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Wood Brothers hit NASCAR milestone
Wood Brothers Racing will make its 1,400th start in the Sprint Cup series when Trevor Bayne runs the No. 21 Ford in the Coca-Cola 600 at Charlotte Motor Speedway on Sunday night. The team featured NASCAR Hall of Famers Glen and Leonard Wood and quickly became a Sprint Cup success with 98 career series wins spanning seven decades.
“It’s the family business to us and it’s a way of life,” said Eddie Wood, who has worked with the team fulltime since 1972. “I’ve never really known anything else.”
NASCAR has rarely known a time without the Wood Brothers fielding cars. The team has raced since 1950 and the current run began when founder Glen Wood, Eddie and Len’s father, made the program’s first series start in a Lincoln at Martinsville Speedway on May 17, 1953.
Glen and Leonard Wood are both in the NASCAR Hall of Fame, Glen is going in as part of the third class in 2012 and Leonard is going in a year later. The team has amassed 98 series wins with a “Who’s Who” of NASCAR drivers like David Pearson, Cale Yarborough, Junior Johnson and Fireball Roberts _ all in the NASCAR hall.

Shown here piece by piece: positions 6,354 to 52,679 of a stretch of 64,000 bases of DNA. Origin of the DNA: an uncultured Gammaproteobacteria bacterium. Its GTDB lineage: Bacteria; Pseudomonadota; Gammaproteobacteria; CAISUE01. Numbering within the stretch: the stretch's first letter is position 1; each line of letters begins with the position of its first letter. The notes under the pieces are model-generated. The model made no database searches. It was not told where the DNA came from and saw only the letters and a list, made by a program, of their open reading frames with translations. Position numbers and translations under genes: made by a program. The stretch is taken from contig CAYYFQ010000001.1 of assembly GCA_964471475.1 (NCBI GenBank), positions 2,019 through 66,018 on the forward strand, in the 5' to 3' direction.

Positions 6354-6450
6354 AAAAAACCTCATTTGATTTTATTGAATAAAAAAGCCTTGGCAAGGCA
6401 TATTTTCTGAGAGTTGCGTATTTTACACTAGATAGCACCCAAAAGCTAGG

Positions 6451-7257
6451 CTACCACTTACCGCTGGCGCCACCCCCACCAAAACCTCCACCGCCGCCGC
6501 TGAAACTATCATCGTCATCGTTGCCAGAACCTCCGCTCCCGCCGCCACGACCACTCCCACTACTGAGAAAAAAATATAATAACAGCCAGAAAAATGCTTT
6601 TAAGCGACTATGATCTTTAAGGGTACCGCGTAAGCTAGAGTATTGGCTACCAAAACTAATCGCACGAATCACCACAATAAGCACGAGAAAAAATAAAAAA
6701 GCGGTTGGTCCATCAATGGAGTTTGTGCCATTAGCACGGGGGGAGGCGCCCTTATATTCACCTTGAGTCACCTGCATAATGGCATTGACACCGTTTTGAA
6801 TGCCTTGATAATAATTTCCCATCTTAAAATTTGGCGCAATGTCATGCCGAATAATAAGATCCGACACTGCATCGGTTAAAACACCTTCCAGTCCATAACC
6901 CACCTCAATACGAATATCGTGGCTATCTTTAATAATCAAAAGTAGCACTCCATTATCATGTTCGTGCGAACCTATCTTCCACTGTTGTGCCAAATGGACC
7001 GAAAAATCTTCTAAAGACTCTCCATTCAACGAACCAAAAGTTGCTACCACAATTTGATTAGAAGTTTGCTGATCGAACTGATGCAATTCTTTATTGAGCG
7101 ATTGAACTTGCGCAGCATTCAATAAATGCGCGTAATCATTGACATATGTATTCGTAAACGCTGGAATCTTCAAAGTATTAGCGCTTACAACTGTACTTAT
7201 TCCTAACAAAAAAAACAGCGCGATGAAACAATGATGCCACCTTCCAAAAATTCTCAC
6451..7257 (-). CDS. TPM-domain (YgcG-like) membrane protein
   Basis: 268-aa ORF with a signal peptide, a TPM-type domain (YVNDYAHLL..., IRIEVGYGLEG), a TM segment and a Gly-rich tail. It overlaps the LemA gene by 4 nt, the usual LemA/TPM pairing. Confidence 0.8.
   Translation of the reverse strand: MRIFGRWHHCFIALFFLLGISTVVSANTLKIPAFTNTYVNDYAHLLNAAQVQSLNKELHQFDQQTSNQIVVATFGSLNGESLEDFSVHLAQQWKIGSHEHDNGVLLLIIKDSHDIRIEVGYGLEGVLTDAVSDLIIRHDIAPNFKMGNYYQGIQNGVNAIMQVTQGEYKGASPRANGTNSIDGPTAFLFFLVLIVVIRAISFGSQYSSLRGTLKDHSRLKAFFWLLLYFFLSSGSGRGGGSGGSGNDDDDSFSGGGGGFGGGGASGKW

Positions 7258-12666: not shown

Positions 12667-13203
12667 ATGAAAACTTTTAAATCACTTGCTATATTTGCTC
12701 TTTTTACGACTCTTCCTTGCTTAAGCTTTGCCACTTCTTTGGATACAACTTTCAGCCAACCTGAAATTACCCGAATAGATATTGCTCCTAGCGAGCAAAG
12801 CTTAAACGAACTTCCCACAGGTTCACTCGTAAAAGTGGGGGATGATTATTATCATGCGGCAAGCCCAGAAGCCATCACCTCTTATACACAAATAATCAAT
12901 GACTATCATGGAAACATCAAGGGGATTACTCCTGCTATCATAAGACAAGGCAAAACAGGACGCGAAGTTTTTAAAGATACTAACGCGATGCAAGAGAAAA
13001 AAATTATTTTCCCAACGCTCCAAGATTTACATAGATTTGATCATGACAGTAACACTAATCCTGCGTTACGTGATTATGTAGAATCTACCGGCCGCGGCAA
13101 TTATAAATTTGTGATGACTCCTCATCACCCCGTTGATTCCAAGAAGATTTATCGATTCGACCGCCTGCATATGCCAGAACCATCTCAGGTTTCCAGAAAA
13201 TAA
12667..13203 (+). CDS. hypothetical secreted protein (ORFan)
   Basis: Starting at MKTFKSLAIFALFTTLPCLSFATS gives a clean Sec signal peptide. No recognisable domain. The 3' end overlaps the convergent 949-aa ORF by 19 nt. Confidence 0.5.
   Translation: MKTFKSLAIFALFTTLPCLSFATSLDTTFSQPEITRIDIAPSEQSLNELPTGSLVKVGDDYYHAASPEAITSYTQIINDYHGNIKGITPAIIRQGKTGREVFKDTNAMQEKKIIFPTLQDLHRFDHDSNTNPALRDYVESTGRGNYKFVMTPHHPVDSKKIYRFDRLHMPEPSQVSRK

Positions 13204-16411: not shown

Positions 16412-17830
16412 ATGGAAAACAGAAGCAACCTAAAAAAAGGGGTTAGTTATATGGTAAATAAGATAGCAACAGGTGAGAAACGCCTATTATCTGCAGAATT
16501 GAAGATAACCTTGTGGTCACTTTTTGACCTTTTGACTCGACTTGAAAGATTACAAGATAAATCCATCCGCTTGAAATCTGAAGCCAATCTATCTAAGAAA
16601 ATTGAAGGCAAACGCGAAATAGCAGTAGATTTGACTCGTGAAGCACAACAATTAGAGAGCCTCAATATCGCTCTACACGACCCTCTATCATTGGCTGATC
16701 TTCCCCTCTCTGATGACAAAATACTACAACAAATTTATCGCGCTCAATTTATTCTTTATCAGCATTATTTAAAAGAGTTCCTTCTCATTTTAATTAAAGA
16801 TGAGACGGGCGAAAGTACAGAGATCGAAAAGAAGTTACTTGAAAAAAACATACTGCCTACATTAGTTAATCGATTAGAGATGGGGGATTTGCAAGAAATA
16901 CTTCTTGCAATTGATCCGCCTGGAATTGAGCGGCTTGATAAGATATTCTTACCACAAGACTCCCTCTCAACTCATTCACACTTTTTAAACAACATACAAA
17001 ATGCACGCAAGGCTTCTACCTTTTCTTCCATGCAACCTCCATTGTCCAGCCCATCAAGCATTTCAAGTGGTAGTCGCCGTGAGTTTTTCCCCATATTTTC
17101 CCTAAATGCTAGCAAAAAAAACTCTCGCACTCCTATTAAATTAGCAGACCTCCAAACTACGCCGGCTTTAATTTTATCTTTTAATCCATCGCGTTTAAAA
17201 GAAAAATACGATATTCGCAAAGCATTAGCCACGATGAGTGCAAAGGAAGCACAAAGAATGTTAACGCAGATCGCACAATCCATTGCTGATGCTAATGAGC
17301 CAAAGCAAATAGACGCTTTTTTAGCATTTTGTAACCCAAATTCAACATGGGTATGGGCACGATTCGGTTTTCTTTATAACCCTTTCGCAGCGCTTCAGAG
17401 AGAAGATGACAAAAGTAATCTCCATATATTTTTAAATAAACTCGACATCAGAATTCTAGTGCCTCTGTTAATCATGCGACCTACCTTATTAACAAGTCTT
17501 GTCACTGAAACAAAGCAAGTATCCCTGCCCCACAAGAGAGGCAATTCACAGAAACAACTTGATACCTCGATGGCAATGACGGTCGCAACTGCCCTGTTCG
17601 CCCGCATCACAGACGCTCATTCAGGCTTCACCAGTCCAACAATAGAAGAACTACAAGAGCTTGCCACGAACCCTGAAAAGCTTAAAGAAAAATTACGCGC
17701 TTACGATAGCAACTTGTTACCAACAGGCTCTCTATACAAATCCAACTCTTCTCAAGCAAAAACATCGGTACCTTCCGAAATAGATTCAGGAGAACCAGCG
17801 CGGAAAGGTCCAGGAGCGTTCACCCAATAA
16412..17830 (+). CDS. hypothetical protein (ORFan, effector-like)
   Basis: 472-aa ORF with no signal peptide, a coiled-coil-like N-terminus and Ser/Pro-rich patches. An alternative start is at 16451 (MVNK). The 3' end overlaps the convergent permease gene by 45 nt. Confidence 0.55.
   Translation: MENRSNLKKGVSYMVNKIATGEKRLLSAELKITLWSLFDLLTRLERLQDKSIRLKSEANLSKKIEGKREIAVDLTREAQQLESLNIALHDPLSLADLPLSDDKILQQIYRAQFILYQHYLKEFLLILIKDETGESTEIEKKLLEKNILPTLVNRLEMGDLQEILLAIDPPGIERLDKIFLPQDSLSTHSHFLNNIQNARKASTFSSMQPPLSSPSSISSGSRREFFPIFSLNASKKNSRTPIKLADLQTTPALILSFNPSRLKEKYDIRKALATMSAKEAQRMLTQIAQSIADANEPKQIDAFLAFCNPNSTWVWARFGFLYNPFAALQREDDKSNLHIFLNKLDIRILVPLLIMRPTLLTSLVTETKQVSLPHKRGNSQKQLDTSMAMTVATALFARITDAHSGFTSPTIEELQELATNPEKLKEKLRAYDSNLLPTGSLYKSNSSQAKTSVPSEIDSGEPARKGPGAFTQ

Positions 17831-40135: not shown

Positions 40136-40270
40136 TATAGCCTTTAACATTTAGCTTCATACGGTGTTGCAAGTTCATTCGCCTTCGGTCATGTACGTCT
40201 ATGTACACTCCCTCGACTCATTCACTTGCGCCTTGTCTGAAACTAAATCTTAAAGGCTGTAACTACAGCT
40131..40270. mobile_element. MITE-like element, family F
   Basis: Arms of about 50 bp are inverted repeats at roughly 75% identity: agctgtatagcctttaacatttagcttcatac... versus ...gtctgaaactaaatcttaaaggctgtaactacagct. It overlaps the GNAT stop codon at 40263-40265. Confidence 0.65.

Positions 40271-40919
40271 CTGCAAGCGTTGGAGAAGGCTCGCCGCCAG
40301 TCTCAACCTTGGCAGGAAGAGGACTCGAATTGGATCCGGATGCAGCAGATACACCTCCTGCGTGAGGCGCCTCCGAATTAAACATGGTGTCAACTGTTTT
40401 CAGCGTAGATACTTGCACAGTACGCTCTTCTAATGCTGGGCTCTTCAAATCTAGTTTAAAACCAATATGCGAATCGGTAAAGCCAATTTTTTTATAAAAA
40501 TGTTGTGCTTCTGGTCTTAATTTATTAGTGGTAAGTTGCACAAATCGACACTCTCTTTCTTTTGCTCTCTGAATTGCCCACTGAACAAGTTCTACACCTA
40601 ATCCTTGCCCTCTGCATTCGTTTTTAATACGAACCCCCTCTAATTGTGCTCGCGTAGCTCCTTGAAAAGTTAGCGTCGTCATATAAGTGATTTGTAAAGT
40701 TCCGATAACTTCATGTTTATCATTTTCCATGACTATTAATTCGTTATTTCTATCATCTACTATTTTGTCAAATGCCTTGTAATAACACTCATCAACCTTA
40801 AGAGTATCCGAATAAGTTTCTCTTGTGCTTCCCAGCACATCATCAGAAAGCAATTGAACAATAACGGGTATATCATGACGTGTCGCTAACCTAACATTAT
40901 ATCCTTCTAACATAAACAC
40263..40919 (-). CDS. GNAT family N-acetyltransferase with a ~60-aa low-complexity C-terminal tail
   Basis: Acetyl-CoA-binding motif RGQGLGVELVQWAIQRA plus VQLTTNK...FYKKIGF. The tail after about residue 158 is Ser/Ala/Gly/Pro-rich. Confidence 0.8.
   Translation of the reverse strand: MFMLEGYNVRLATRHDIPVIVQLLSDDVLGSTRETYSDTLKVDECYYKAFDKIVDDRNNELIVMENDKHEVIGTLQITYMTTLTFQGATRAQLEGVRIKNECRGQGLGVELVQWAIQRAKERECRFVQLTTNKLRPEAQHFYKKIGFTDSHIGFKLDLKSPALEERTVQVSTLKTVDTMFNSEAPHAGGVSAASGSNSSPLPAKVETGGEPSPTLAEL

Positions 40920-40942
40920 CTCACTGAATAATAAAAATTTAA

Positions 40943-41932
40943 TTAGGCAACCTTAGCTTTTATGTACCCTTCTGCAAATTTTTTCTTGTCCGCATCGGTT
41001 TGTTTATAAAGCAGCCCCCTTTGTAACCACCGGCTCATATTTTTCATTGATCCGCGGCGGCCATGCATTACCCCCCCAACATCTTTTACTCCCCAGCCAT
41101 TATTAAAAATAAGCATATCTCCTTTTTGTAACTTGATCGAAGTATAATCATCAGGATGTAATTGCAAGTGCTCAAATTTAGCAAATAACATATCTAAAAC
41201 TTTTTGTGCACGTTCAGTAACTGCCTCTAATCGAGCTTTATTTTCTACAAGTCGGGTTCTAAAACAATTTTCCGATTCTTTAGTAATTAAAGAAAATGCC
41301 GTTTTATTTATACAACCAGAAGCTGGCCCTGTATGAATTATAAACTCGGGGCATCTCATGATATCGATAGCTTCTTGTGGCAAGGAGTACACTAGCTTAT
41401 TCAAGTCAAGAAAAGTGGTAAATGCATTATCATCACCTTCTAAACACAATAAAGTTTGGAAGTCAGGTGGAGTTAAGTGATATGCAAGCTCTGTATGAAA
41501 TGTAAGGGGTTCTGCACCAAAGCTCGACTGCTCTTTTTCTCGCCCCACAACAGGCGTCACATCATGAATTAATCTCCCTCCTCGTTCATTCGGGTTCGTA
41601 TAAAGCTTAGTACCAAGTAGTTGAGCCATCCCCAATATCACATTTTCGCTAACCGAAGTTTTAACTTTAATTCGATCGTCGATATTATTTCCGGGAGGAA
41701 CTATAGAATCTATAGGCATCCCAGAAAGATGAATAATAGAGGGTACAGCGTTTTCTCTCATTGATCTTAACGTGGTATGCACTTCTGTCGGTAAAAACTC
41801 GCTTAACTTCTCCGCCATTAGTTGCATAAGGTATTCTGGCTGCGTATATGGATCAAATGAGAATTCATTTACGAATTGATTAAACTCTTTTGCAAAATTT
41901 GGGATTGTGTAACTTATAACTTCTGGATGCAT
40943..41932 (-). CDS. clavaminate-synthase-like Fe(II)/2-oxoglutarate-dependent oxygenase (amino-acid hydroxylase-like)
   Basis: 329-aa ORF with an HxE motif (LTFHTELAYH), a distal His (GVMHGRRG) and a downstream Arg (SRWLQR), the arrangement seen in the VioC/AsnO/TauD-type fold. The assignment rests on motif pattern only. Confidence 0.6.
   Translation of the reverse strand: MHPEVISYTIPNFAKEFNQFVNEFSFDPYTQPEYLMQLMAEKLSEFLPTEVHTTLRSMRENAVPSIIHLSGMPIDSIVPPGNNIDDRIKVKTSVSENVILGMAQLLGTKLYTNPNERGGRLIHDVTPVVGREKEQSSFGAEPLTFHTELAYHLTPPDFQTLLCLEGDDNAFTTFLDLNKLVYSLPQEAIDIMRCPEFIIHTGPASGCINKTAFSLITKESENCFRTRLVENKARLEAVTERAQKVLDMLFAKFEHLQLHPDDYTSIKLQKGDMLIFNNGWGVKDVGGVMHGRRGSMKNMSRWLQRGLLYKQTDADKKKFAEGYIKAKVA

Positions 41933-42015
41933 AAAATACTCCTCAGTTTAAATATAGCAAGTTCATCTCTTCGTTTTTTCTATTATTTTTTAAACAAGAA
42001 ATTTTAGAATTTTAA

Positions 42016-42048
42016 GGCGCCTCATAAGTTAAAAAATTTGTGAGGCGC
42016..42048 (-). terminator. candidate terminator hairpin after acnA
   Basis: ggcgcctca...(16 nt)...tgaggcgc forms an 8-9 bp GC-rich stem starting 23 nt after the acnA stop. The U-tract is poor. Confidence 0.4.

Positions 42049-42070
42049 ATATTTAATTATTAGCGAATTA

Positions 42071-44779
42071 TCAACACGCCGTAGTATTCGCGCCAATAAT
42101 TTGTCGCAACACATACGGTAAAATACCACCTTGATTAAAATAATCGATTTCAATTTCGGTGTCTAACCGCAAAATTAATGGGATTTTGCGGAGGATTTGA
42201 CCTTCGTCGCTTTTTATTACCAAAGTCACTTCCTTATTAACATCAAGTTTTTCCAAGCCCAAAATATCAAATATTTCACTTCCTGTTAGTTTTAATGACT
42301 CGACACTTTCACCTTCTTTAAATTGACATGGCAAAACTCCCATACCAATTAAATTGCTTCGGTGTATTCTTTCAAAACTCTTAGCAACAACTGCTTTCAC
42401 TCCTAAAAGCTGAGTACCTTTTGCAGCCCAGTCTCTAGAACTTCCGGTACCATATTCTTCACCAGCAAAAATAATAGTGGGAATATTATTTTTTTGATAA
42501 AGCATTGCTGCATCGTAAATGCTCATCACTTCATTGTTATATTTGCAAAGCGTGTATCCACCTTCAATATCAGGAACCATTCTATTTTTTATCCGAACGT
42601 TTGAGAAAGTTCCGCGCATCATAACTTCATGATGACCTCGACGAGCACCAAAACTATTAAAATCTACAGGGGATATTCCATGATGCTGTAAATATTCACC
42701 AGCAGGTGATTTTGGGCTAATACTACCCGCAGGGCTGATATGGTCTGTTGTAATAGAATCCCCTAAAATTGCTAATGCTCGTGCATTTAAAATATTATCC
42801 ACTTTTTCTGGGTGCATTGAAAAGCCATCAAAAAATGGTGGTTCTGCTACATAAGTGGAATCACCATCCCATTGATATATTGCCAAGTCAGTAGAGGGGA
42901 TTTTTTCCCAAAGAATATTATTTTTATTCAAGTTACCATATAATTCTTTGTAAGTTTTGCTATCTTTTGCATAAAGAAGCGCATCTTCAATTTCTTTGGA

Len Wood remembers when NASCAR was celebrating its 50th anniversary and came up with a list of its 50 great drivers.
“Twenty of those drivers had been in our car,” he said.
Bayne was a little known driver with an underfunded team whose best days seemed long ago. But Bayne held firm and won the Daytona 500 one day after his 20th birthday. It gave the Woods family its first Sprint Cup win since Elliott Sadler was victorious at Bristol in 2001.
They are glad for their latest milestone and will keep working to extend that number. Bayne will start 29th in NASCAR’s longest race. It will be his fourth career Sprint Cup start at Charlotte Motor Speedway. He’s never finished better than 22nd.
Eddie Wood believes he’s been to more than 1,100 of the team’s races. He’s proud the team has raced Ford products during its long, long run and stuck around through difficult times. “It’s hard to stay here year after year now, much less through the ups-and-downs,” he said.
Len remembers growing up in racing, watching his father leave for a race site and return Sunday night with stories of success. “Before long we started working in the shop and traveling and getting into that same routine,” he said. “And it just became part of our lives and it still is today.”
By Brahma Chellaney
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